But once every four years, it forces itself into the national consciousness in a long standing tradition (since 1972, even).

It’s mouseness roars on Jan. 3, 2008.

Soon, someone’s going to take home the Iowa Caucuses Brass Ring (well, one for each party). Sure, the brass ring came out of a bull’s nose several decades back, when they still had bulls on farms rather than the much safer but less… satisfying and profoundly unnatural modern option. And its predictive ability of who wins the nomination is not all that great, but it does have a certain theatrical je ne sais quoi? Remember, Pat Robertson shot to the national consciousness due to his showing in the Iowa Caucuses in 1988 and Howard Dean famously melted down in the Iowa Caucuses of 2004. Some questions:

  • Is Huckabee going to win? How can he miss with Chuck Norris’ endorsement?
  • Obama set to upset HRC?
  • Who’s going to get the hook exit stage right by Iowa?
  • Any juicy meltdowns?

Time to make your predictions. (Note: Iowa does have the honor of bringing us a good source of information which you may find useful.)

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ObFascism Tag: Iowa is 96% white. If that’s not fascist, I don’t know what is…. ;)

The current restaurant trend is tapas. For those of you who don’t dine out much at “nice” places, American-style tapas involves a bunch of small dishes of mostly quasi-Mediterranean “fusion” food ordered a la carte, which are sampled by everyone at the table “family style.”

Pah.

I don’t pay good money to have to pass a bunch of stupid little dishes filled with pretentious food I don’t understand around a table. Tapas can return to whatever culinary fad hole it crawled out of as far as I am concerned.

This rant is inspired by two recent events, my reading of this Dec. 5, New York Times article and my going to a Japanese “japas” restaurant with some relatives on roughly the same day. (I name no names to protect the innocent and guilty both.) I’d been to the restaurant a few years ago and liked it quite a bit, but the menu had changed from being more traditional Japanese restaurant, which always had a fair bit of a la carte on the sushi menu, of course, to “japas.” There were no entrees at all, just a long list of small dishes mostly priced between $3 and $8, with a few over that. No clue as to what they were, no clue as to what goes with what, how big anything is, and so on. The waiter was a useless ‘tard (both kinds). Now I’m not especially fond of Japanese food but can usually find something decent on the menu, for instance one of the Japanese adaptations to please the Western palate, shrimp tempura. There was a shrimp dish (“sweet shrimp”) which I ordered hoping that it was shrimp tempura… when the plate showed up with small shrimp in the shell with heads still on I realized the answer was a resounding no. Sure they were breaded and fried but definitely not shrimp tempura and definitely not satisfying either. I ended up ordering something else which was OK… but of course added to the bill, which added to my dissatisfaction. More on that below.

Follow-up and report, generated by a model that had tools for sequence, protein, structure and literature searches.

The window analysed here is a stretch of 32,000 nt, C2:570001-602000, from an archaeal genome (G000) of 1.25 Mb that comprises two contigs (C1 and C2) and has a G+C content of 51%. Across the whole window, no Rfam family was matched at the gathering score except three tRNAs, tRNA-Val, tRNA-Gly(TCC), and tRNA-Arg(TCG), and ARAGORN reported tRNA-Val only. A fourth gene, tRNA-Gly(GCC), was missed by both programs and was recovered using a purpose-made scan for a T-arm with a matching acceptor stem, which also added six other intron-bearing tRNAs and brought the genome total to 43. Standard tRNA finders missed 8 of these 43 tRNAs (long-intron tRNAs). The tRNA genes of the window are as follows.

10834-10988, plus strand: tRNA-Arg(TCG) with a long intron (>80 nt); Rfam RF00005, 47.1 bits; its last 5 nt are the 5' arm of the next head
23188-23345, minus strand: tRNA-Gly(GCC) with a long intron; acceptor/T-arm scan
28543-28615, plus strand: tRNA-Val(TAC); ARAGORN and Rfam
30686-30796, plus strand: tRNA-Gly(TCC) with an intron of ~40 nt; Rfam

Basically, the whole phenomenon is just an upscale reinvention of an old American classic: the buffet. The big difference is that at a buffet, all your choices (as incoherent they may be) are laid out in front of you and are usually pretty simple stuff like mac ‘n’ cheese, steamed vegetables, overcooked roast beef, etc. With tapas, you’re sitting down at your table facing a menu with a blizzard of dishes. Some are straightforward, such as mixed olives or bread and olive oil, but most suffer with vague, pretentious fusion cuisine titles like:

  • “Roasted beets with goat cheese vinaigrette”
  • “Hazelnut-crusted wilted arugula with maple goat cheese vinaigrette”
  • “Rabbit with wilted arugula, goat cheese and nuts”
  • “Watermelon goat cheese salad with citrus vinagrette”
  • “Wild bighorn sheep sausage with blueberry mustard goat cheese vinaigrette.”

Goat cheese and vinagrette for EVERYONE! The standard tapas menu is the culinary equivalent of “feature vomit.” Given the questionable edibility of most fusion cuisine, it’s none too far from being the actual, honest-to-goodness kind, too, especially after one’s third Grey Goose appletini in two hours, coupled with those cigarettes “smoked only on weekends.” Unsurprisingly, the Spanish—inventors of tapas—practice it more sensibly. Basically, it’s bar food, something Americans aren’t exactly ignorant of. That’s right, tapas is just the Spanish version of buffalo wings, peanuts, fries, etc., except it’s olives, bread with toppings, etc., which restaurateurs in the US have convinced the public should cost a bundle. And who ever thought bar food was a good deal? ;)

Diners are, as the New York Times article linked above, supposed to like this because of Americans’ desire for more choice, whether we need it or not. As far as I’m concerned, tapas is just another way to fleece me out of my hard-earned money while making me agonize over picking a meal, but I’m one of those seemingly relatively rare people who hates shopping, and tapas brings all the joy of accessorizing to the dinner table. Behavioral economics tells us that, from the standpoint of the retailer, tapas makes sense: Many small transactions are more easily overlooked than larger ones and it’s easier to get diners to spend more thereby. Of course my discontent is also understandable—too many choices and too many transactions can be disconcerting. If you want a nice short introduction, look at Swarthmore psychologist Barry Schwartz‘s little book The Paradox of Choice, which explains quite nicely why more choice isn’t always better for our own well-being. (Read this review for a short course.) In a nutshell, each choice we have to make involves cognitive effort on our part, and a comparison with all the other choices we could have made but ended up rejecting. All this comparison is tiring and opportunity cost is a stone-cold bee-otch, if you’re aware of it. Schwartz characterizes two basic ideal-type cognitive styles: maximizers and satisficers. Maximizers carefully compare their options. Satisficers, by constrast, are willing to settle for “good enough” and move on. Evidently I am a “maximizer” when it comes to meals at good restaurants… and, at least according to Schwartz, maximizers are unlikely to be happy about what they get because they spend more time comparing their options, paying attention to opportunity costs, and so on. Tapas is, therefore, pretty much guaranteed to piss me off. (I’m better at satisficing in other choices, fortunately.) I admit a lot of this is my descent to fogey-ism. I don’t like the “mix tape on steroids” that is the modern Ipod playlist and I never play albums on shuffle either. I hate surprise parties. I have a decidedly unfashionable desire for a coherent whole, be it an album or a meal, and tapas (of whatever variety) doesn’t deliver it for me. The fact that it’s a way to run up the tab just nails it.